The fair worked: about 50 people from across NPR attended, including people from outside the newsroom. And it didn’t feel like interactions were forced, because a) it was voluntary to attend and b) the science fair conceit provided a natural structure for the event; there was plenty of time to meet people but also to study different stations on your own.

The approximate cost was almost nothing, the concept was fun, it took place on a Friday afternoon, and — most importantly — the idea could easily be replicated across different departments in any sized newsroom.

  1. Hold a paper hackathon.

If a picture is worth a thousand words, than I’m pretty sure a prototype is worth a thousand pictures. But you don’t need code or a Web developer to make a prototype that gets people’s creative juices flowing: you can hack something meaningful together with just paper.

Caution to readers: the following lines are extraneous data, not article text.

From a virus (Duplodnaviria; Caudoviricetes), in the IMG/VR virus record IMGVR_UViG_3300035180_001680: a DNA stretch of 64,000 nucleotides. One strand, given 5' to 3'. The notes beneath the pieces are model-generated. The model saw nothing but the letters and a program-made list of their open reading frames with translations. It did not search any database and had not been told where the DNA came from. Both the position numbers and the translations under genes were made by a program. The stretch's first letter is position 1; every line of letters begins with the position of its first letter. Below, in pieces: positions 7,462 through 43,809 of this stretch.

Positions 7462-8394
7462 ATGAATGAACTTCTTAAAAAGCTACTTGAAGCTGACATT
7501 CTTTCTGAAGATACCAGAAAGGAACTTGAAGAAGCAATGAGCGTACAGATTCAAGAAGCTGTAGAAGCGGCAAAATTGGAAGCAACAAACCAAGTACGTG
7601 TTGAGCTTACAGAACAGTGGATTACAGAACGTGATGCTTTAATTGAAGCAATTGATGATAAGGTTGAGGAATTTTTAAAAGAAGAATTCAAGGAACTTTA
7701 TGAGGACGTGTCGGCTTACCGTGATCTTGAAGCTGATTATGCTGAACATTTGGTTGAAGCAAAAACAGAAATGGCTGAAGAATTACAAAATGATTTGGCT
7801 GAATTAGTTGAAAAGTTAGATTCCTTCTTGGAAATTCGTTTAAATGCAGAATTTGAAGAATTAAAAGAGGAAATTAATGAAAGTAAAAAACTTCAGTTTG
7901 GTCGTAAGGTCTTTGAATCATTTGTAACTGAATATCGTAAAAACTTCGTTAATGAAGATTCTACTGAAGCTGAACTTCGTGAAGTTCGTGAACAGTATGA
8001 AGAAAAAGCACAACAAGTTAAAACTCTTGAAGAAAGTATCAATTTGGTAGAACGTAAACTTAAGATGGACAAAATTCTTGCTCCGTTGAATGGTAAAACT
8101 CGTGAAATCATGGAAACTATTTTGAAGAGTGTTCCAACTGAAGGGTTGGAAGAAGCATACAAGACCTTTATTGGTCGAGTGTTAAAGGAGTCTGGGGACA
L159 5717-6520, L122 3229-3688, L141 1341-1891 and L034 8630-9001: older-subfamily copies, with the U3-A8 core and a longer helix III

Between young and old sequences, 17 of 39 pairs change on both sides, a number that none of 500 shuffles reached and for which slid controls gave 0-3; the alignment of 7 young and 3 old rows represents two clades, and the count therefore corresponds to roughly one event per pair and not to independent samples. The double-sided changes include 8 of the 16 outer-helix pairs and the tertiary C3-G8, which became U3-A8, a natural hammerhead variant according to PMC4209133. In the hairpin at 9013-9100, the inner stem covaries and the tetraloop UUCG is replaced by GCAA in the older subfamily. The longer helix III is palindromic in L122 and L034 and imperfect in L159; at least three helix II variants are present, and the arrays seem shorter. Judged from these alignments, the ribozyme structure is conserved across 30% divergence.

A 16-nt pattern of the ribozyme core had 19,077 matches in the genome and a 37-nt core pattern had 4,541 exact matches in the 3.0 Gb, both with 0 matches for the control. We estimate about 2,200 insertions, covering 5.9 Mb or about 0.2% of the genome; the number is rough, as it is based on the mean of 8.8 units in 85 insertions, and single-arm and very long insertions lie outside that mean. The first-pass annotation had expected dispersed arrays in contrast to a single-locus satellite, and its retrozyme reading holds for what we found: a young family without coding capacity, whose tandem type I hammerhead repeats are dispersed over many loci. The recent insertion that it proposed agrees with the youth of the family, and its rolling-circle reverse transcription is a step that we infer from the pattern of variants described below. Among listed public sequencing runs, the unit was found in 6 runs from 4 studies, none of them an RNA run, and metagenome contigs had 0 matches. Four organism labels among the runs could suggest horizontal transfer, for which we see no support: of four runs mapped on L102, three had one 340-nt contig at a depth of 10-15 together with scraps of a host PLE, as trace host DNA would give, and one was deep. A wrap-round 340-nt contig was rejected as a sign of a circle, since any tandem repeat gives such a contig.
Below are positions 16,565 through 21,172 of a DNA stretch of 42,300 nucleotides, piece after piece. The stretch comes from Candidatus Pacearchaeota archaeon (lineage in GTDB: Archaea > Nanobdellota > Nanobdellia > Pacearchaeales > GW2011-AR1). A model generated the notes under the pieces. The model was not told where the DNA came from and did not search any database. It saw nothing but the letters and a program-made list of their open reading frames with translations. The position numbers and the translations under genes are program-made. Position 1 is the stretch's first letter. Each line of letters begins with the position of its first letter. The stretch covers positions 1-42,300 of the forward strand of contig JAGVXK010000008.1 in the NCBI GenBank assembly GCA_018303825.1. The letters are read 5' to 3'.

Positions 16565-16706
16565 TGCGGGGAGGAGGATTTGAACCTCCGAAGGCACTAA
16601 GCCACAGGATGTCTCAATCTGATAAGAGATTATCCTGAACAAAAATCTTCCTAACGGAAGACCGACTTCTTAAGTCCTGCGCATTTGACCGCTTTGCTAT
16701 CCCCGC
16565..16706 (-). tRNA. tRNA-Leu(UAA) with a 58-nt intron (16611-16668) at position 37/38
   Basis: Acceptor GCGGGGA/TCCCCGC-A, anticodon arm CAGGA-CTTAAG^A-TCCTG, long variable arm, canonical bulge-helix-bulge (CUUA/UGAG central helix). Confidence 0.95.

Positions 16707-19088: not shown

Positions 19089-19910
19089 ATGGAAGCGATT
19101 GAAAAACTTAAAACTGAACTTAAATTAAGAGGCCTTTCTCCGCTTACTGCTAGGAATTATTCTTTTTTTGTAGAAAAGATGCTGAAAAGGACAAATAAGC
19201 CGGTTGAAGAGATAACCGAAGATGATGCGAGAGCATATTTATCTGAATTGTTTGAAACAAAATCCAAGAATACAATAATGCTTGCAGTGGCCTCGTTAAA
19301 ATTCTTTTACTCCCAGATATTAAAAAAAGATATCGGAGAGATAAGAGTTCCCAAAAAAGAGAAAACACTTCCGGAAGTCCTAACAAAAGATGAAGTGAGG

Paper also allows input from everyone — not just people who can code. Here’s what you can do: put out a call for ideas, and then have everyone work for an afternoon — with people outside their department — on a new tool or idea, putting everything down on paper: what user needs are being met, how the tool will be designed, and how the tool will be used. Things that can be sketched on paper include workflows, personas, user research or interviews, or how the product might work in the wild. Entire products can be sketched and refined. I’ve turned paper prototypes into testable prototypes using free programs like Google Forms and/or a Tinyletter — an easy way to try out new ideas for very little upfront cost.